By Darlene Zagata
We usually begin to potty train our children around the age of two and by the age of three the feat has normally been accomplished. Of course, that’s just an average guideline. Some children are potty trained at a younger age whereas others may take a bit longer. Potty training can often be taxing enough on both parents and child but then there is bedwetting. Not all children experience a problem with bedwetting but some do. Parents that are faced with a child that has a recurrent bedwetting problem may find themselves stressed and frustrated because they don’t know what to do to help their child overcome the problem.
As exasperating as the problem may be, parents that are patient and understanding can help children to overcome bedwetting. Parents should consult the pediatrician if bedwetting is or becomes a persistent problem. Physical examinations can be performed to rule out or determine if bedwetting has a medical cause. Bedwetting may also have an emotional basis. Fear, change or any disturbance in a child’s normal routine can cause emotional upset that may result in bedwetting. Childhood fears such as being afraid of the dark or becoming accustomed to sleeping in his own bedroom can be unsettling to a young child.
Try to pinpoint whether or not the bedwetting started or became worse after any change in routine or home environment. Has the child been dry at night for a period of time and then suddenly began having bedwetting occurrences? Is the bedwetting periodic or regular? In many children the problem is simply an immature bladder. In others it may be an emotional response. For example, if bedwetting occurs shortly after the birth of a new baby it may be a fair assumption that it is an emotional response in regard to the child’s reaction to the new sibling. The older child may be upset that he or she is no longer the baby of the family. The child may feel a need to compete with the new baby for the attention of his parents.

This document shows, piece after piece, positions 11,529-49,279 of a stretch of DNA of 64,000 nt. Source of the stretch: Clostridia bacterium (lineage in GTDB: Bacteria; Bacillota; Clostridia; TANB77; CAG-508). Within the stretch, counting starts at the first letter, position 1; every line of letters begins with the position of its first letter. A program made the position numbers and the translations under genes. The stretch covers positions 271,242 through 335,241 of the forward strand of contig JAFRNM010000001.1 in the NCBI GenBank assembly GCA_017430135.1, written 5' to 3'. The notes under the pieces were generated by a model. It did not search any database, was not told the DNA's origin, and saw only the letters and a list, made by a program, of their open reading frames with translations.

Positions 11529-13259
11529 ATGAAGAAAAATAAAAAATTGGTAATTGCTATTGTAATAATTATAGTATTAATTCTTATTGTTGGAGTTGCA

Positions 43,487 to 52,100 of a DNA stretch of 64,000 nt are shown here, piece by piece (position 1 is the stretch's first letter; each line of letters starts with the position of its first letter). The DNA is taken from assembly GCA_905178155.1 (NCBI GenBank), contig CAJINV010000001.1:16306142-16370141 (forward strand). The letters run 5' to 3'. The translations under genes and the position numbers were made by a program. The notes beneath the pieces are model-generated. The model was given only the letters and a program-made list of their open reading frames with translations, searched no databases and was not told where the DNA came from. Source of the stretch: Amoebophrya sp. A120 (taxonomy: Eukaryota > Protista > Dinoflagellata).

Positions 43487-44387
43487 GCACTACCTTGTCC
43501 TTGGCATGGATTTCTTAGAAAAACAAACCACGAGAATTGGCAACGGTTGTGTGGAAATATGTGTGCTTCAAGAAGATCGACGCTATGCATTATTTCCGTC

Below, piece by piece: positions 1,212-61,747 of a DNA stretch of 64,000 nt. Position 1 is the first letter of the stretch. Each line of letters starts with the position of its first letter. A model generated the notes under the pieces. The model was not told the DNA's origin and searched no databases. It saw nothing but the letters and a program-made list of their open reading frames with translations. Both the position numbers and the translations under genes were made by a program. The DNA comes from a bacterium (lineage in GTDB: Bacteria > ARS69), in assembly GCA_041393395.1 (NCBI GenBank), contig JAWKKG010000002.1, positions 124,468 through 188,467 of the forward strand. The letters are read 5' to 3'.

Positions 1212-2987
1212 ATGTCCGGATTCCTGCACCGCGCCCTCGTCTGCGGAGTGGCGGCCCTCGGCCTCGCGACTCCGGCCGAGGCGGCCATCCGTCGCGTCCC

Changes such as moving to a new home or the separation or divorce of parents can be emotionally disturbing for children. Starting school or pre-school can be sufficiently stressful to trigger an emotional reaction such as bedwetting. Regardless of the cause parents must be patient with the child. Never try to embarrass a child into quitting their bedwetting habit. Don’t discuss it with friends or family in front of the child. Such actions do not solve the problem and only serve to cause the child more anxiety.
Show the child plenty of love and attention. Help him to feel secure. If any changes have taken place such as the birth of a new sibling, reassure him and include him in activities when caring for the new baby so that he doesn’t feel left out in any way. Spend time alone with him when the baby is sleeping. Talk to your child. If the child has recently started sleeping in his own room do what you can to make the room feel safe and secure for him.
Limit your child’s fluid intake and have him go to the bathroom before going to bed. If bedwetting continues to persist consult your physician. He or she may be able to prescribe medication. You may also want to invest in a moisture alarm, which will awaken the child at night. Some parents claim to have had success with this method. You can also be your child’s alarm by waking the child during the night to go to the bathroom. Most of all, remember to be patient and understanding. Provide your child with a positive and supportive environment. In time, both you and your child will be able to enjoy a good night’s sleep without interruptions or accidents.
Article written by Darlene Zagata.
All opinions expressed are that of the writer.